Defining a core navigation for the TV, desktop, tablet and mobile experience.
Peacock is a video streaming service that operates as an extension of NBCU. My role was to define the experience for core navigation components on TV, desktop, tablet and mobile. Several features shipped as a byproduct of this sprint.
Since Peacock is only supported on LG Smart TV's we wanted to focus on the navigation experience for this view. Most people who have this TV also use the LG magic remote. This remote is a common pain point for LG TV Smart TV users. The LG magic remote has additional navigation capabilities.
Aside from the traditional up, down, left and right controls it also has a pointer option. So the user would have to point at the screen then click their selection. I had to assess how the pointer might affect the navigational UI components while streaming Peacock.
Blockframing is one of my favorite visual design exercises as it allows me to see the specified design in shapes and sizes without getting distracted by the details. Since the focus is on navigation I highlighted those elements in the blockframe. From here it became easier to translate the components into the UI.
I inherited a design system that consisted of components which would be translated across each device. Since this is a video streaming service I started with the components for TV and worked down. The core component states that I focused on were:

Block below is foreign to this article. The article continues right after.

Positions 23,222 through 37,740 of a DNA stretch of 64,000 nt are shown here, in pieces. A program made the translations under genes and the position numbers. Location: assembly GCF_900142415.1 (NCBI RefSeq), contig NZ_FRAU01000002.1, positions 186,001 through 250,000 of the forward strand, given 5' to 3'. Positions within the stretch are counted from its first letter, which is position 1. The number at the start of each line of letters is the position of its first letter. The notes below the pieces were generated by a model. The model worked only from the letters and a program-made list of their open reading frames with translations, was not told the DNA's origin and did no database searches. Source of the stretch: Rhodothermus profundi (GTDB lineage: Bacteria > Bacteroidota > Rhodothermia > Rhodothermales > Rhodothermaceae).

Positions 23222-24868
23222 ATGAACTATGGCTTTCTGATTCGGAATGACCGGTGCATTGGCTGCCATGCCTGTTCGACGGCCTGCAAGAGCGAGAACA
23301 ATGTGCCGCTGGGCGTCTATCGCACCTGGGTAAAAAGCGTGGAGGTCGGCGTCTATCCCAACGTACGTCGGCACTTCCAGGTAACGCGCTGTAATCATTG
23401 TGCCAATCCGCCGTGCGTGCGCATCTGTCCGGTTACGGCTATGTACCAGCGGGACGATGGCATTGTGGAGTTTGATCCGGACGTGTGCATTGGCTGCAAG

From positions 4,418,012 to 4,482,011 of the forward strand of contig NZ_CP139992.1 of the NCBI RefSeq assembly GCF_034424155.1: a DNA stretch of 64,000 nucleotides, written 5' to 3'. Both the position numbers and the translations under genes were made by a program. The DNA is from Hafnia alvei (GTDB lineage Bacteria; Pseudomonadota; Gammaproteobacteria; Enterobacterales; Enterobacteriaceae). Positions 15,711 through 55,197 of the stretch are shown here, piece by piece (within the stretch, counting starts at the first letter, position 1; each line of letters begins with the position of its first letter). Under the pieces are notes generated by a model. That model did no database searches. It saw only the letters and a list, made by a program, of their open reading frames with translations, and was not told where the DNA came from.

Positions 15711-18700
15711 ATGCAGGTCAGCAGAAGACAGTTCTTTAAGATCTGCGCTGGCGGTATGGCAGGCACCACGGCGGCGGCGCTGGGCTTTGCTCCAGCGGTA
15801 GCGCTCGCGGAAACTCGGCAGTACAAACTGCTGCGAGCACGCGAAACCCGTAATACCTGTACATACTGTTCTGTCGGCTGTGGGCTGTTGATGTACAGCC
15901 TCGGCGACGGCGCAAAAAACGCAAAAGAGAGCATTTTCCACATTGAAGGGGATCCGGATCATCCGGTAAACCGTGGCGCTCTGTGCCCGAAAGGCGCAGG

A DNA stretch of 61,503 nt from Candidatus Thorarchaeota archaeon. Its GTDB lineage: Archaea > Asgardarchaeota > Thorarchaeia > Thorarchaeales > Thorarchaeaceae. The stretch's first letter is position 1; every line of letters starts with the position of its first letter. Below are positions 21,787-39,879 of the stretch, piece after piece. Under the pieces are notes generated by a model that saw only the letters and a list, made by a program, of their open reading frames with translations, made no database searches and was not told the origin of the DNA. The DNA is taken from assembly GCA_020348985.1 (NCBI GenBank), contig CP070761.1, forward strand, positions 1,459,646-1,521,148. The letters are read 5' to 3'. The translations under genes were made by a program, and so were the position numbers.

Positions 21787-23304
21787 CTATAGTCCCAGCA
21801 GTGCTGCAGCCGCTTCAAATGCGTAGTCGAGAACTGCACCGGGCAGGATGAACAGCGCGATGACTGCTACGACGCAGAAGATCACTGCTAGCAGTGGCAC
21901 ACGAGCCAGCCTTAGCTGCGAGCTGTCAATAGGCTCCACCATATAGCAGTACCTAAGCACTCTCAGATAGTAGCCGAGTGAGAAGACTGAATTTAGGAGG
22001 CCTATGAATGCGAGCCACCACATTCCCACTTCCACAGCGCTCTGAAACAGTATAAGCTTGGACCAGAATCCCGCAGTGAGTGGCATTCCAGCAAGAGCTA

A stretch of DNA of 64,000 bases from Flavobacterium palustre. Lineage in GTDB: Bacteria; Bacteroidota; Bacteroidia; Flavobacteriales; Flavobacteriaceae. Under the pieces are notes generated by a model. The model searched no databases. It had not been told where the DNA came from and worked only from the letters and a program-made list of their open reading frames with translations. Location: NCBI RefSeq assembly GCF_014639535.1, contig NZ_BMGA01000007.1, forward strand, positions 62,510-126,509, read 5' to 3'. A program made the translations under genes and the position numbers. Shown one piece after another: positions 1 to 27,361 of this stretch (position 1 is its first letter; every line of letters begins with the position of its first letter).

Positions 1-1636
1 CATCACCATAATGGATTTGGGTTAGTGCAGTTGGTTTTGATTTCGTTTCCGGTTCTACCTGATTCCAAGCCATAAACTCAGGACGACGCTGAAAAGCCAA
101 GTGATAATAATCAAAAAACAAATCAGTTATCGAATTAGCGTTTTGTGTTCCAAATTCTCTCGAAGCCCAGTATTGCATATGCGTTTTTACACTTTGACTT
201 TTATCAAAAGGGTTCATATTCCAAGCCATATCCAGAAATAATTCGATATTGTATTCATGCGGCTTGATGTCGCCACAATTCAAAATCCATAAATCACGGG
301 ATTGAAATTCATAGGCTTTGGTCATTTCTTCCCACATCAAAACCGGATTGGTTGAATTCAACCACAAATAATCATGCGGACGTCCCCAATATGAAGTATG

The screens below display how the arrows transition when the user hovers on the arrow. It also shows how the arrows react when the user scrolls vertically and horizontally. I explored several options that would highlight the role arrows play in navigation.
For example the arrow does not appear at the bottom instead a preview of the next rail appears. The arrows remain aligned to each rail regardless of scroll orientation.
The focused arrow has a white glow, this is why the focused thumbnails have similar focus state.
The content from each movie sits on the rails. I wanted to highlight how the movie would look when interacted with. The below image displays what the thumbnail looks like on hover as well as how the other rails react. Hovering over a partially exposed rail does nothing while hovering over the two fully visible rails enables highlight. Only one rail is revealed at a time when scrolling vertically.
The conversation on buttons was around what each state would look like. Since there was a hover and select option it was important to define the difference between what the button states looked like in focus and on click. We had determined that hovering is a passive interaction while selecting is active. The branded button became the selected visual for the select action.
Based on common user patterns it was best to associate click with select and hover with focus.